Open Positions

We are looking for M.S. students! See below for open research topics:


Masters Thesis linking Geochemistry and Structure on Syros Island, Greece

Structural Geology and Tectonics Group @ ETH Zurich                      

Primary supervisor: Dr. Jesús Muñoz-Montecinos

Co-supervisor: Prof. Dr. Whitney Behr

Project Motivation

Subduction zones are regions where chemical changes due to fluid-rock interaction (i.e., metasomatism) affect the rheological properties of the shear zone. This process results in a variety of deformation patterns that could be associated with the weakening of the subduction megathrust and a variety of fault slip styles. Nowadays, indirect evidence of deformation and fluid-rock interaction processes is obtained through seismological and experimental investigations, but key insights into that deep environment are obtained by studying now-exhumed high-pressure metamorphic rocks. This Master’s thesis aims to characterize the products of fluid rock interaction in exhumed high-pressure metamorphic rocks and to document how metasomatic processes affected the distribution of strain within the metamorphic pile. In this case, the study locality corresponds to the Syros Island. There, lithological layers, apparently formed due to fluid-rock interactions, occur parallel to the host mafic lithologies. Interestingly, these layers show reaction haloes towards the host-rock lithologies and a distinctive structural fabric. However, the mechanisms of fluid rock-interactions that could have produced these metasomatic layers, as well as their distinctive structural fabric are not yet understood.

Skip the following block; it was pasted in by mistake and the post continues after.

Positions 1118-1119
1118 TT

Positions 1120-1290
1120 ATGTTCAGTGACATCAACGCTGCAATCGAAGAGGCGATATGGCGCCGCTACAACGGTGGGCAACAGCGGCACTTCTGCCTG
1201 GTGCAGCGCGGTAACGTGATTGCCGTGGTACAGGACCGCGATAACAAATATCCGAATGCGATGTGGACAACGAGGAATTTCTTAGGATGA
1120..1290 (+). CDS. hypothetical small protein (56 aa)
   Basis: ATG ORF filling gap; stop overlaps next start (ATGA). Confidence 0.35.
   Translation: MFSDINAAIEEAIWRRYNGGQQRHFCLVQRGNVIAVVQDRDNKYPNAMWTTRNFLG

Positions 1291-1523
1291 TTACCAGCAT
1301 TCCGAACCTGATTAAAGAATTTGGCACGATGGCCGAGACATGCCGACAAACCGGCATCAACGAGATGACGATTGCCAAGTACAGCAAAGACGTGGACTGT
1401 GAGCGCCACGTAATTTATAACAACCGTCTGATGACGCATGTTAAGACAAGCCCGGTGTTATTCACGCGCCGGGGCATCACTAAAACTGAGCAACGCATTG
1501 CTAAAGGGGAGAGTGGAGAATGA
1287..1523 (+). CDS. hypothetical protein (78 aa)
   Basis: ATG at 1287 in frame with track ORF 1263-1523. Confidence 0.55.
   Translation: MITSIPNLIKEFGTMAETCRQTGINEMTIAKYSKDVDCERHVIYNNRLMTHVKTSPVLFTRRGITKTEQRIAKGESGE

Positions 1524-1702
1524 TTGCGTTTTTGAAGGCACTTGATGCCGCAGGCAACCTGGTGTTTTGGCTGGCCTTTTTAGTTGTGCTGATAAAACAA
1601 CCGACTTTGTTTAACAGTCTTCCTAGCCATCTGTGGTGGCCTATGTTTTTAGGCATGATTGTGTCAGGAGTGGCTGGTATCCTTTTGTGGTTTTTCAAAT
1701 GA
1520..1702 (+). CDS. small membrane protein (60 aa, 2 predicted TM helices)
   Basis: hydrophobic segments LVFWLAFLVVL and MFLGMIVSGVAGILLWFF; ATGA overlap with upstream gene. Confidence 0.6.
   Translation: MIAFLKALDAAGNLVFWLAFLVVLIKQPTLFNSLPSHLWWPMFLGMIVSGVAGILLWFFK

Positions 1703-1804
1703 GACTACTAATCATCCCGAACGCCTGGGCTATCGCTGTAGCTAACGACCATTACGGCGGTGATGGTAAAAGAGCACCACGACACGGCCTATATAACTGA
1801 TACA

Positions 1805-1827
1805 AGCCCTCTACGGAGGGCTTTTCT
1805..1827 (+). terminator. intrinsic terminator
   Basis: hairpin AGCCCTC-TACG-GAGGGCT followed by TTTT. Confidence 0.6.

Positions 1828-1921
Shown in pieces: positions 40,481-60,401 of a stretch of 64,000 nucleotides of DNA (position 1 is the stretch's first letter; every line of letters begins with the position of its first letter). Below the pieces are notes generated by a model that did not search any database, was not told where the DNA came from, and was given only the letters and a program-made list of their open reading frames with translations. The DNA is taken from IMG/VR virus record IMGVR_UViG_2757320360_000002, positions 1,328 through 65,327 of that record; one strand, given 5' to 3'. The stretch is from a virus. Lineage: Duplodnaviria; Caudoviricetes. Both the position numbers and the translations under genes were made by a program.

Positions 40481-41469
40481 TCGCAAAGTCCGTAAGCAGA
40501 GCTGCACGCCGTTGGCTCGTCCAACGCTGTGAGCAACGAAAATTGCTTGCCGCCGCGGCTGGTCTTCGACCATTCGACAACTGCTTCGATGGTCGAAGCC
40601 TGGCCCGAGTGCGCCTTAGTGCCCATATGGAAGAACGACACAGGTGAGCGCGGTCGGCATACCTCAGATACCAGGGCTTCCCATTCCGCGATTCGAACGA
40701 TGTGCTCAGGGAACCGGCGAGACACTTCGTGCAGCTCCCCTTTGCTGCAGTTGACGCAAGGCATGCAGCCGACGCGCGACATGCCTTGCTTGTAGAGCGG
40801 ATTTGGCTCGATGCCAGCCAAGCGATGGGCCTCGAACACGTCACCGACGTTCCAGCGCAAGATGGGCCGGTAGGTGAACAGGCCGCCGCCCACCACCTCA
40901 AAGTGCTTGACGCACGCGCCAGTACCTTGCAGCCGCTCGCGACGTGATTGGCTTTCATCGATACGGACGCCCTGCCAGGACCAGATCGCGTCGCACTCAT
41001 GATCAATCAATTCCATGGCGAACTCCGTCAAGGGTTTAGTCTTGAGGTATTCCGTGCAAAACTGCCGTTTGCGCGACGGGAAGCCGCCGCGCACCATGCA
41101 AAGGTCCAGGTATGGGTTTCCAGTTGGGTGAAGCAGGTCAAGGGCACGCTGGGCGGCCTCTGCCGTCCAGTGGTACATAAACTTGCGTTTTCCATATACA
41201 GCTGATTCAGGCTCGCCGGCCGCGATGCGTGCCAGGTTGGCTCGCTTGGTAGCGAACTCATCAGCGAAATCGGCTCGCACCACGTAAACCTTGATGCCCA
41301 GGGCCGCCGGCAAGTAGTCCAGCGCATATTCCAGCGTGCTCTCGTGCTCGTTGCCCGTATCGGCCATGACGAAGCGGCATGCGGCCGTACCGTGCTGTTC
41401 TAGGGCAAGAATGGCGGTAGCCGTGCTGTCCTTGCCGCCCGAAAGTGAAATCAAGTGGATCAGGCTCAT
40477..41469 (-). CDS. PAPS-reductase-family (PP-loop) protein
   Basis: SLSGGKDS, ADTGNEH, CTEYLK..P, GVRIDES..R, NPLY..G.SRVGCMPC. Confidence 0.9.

Research Objectives

  • Characterize the fluid-rock interaction processes in order to understand the metamorphic reactions that would have formed the metasomatic mineral association and determine what would have been its protolith. In addition, the possible fluid sources and fluid circulation pathways would also be studied.
  • Quantify the fluid-rock interaction processes using thermodynamic modelling approaches.
  • Study the deformation mechanisms and their micro- and meso-scale implications on the deformation of the entire metamorphic stack and possible implications on subduction zone processes.

Prerequisites

  • Skills to work with the petrographic microscope
  • Motivation for field work (this project involves a field trip to the Syros Island, Greece)
  • Experience in structural geology and petrology as well as motivation to learn new technique

Figure 1. Field photographs showing a diversity of structures and lithologies at the study locality. A. Overview of metamorphic vein systems, greenschist and chloritite rocks. B. Detail view of a metasomatic chloritite layer within a greenschist. Note that the deformation patterns are distinct relative to the adjacent lithology.


Masters Theses in the Rock Deformation Laboratory

Structural Geology and Tectonics Group @ ETH Zurich

Primary Supervisor: Dr. Leif Tokle

Co-supervisor: Prof. Dr. Whitney Behr